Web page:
When confronted at the meeting by shareholders upset about the trading loss, he was not very expansive in his answers. Reportedly, to some questions, he offered a simple, “OK, thank you.” According to the Register Guard:
The Rev. Seamus Finn, representing shareholders from the Catholic organization Missionary Oblates of Mary Immaculate, said that investors had heard Dimon apologize before for the foreclosure crisis and other problems.
“We heard the same refrain: We have learned from our mistakes. This will never be allowed to happen again,” Finn said. “I can’t help wondering if you are listening.”
One wonders: are answers like these worth $23 million dollars? And just what does it take for a powerful CEO to be held accountable these days? Even the president’s response to these risky derivative trades that Dimon himself admits should never have been made was muted. On the television show The View, all he said was: “JPMorgan is one of the best-managed banks there is. Jamie Dimon, the head of it, is one of the smartest bankers we got and they still lost $2 billion.”
As Robert Reich points out:
Not a word about Jamie Dimon’s tireless campaign to eviscerate the Dodd-Frank financial reform bill; his loud and repeated charge that the Street’s near meltdown in 2008 didn’t warrant more financial regulation; his leadership of Wall Street’s brazen lobbying campaign to delay the Volcker Rule under Dodd-Frank, which is still delayed; and his efforts to make that rule meaningless by widening a loophole allowing banks to use commercial deposits to “hedge” (that is, make offsetting bets) their derivative trades.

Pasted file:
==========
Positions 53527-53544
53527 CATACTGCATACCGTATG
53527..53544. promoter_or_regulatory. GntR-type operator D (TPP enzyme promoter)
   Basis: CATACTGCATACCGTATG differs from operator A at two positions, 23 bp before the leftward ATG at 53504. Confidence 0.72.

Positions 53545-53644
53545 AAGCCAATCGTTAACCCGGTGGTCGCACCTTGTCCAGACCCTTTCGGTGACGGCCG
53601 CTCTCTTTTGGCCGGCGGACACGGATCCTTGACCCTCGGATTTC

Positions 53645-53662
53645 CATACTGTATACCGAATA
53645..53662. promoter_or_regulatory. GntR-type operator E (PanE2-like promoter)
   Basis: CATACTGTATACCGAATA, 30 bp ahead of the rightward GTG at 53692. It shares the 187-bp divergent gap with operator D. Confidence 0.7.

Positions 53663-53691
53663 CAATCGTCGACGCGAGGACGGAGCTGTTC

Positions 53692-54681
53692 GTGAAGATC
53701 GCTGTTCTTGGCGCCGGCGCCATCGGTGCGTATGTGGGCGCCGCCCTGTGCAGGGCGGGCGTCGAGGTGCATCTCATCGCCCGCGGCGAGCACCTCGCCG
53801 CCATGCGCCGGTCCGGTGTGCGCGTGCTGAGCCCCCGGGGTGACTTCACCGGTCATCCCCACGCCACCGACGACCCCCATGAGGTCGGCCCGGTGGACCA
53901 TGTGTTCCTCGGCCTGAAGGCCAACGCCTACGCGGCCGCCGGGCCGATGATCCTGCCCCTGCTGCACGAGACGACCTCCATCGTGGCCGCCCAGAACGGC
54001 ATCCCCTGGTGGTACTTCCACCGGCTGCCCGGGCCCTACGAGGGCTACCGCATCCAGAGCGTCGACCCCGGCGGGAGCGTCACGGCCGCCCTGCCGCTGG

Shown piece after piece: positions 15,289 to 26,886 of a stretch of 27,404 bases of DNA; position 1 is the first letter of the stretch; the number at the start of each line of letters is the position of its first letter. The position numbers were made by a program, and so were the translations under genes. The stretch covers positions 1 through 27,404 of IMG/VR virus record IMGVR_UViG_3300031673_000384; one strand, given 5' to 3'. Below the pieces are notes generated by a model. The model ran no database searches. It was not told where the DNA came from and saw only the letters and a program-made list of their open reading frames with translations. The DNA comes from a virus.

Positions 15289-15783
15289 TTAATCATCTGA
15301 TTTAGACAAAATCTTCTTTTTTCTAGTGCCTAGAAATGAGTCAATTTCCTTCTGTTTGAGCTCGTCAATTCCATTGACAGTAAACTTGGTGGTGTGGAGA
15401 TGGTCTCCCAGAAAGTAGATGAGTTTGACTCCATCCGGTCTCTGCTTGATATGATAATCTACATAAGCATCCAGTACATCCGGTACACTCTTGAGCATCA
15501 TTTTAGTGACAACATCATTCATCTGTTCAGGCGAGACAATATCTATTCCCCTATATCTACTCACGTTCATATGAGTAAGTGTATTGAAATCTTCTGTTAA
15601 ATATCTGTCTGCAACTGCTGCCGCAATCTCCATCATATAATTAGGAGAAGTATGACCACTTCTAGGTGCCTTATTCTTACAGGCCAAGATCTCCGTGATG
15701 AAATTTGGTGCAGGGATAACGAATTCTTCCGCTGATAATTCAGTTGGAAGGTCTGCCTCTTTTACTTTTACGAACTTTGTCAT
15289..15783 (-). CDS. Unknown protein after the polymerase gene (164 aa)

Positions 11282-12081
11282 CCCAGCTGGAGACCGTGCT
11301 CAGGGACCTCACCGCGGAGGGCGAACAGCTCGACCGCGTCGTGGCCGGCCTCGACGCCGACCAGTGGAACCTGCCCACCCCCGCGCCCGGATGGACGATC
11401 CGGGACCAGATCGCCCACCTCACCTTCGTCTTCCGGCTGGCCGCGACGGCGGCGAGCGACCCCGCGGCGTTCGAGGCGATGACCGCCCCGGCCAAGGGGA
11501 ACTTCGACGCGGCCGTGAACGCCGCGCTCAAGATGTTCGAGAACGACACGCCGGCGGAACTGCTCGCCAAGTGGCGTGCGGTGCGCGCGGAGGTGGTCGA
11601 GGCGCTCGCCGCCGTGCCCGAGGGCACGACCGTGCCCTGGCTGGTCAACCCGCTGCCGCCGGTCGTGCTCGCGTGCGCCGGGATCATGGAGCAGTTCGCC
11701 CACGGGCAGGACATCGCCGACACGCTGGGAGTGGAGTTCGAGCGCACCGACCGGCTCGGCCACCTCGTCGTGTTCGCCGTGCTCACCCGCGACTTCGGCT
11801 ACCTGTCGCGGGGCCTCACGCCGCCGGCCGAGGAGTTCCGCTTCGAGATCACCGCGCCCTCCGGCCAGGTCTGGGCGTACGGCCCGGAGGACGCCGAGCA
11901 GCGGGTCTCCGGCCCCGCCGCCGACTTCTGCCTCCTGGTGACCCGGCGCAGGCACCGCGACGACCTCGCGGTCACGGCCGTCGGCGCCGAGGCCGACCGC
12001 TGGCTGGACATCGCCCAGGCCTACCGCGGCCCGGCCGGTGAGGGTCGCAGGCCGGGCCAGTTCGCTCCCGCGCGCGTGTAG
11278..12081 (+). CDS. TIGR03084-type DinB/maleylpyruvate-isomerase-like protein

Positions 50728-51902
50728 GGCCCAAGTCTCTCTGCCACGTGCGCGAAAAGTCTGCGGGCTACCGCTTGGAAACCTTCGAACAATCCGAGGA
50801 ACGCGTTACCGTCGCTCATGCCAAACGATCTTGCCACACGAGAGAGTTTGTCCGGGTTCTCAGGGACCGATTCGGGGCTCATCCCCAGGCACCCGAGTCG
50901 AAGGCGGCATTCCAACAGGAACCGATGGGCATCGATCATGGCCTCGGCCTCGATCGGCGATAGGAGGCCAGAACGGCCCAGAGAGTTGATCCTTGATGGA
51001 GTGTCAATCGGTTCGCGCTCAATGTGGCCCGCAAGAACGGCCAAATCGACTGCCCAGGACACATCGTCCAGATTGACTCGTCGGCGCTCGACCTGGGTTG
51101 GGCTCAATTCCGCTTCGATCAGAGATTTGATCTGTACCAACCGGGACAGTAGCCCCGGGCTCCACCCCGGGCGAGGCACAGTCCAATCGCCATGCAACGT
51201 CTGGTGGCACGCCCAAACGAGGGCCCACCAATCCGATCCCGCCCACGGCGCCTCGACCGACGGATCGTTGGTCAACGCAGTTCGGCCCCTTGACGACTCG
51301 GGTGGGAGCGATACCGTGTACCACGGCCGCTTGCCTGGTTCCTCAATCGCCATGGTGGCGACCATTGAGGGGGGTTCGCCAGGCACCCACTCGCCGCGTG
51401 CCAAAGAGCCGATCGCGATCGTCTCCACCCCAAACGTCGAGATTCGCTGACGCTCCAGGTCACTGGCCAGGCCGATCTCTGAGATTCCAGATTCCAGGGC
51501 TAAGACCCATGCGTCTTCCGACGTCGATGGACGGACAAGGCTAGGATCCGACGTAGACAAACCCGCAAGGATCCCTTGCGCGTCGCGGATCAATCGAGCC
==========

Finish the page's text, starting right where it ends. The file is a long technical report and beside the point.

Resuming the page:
Nor any mention of Dimon’s outrageous flaunting of Dodd-Frank and of the Volcker Rule by setting up a special division in the bank to make huge (and hugely profitable, when the bets paid off) derivative trades disguised as hedges.
Nor Dimon’s dual role as both chairman and CEO of JPMorgan (frowned on by experts in corporate governance) for which he collected a whopping $23 million this year, and $23 million in 2010 and 2011 in addition to a $17 million bonus.
Wall Street’s biggest banks were too big to fail before the bailout. Now, led by JPMorgan Chase, they’re even bigger. Twenty years ago, the 10 largest banks on the Street held 10 percent of America’s total bank assets. Now they hold over 70 percent.
Regulatory Conflicts of Interest
In the meantime, the loss of at least $2 billion in trading practices similar to those that caused the 2008 financial meltdown again illustrates the need for meaningful financial reform. Jamie Dimon is a director at the Federal Reserve Bank of New York, and has used this position to become the leading voice against regulation of Wall Street. As the Federal Reserve is currently working on crafting and implementing some of the most important aspects of the 2010 financial reform bill, voices are calling for Jamie Dimon to resign from the Federal Reserve Bank of New York.
You can sign the petition here.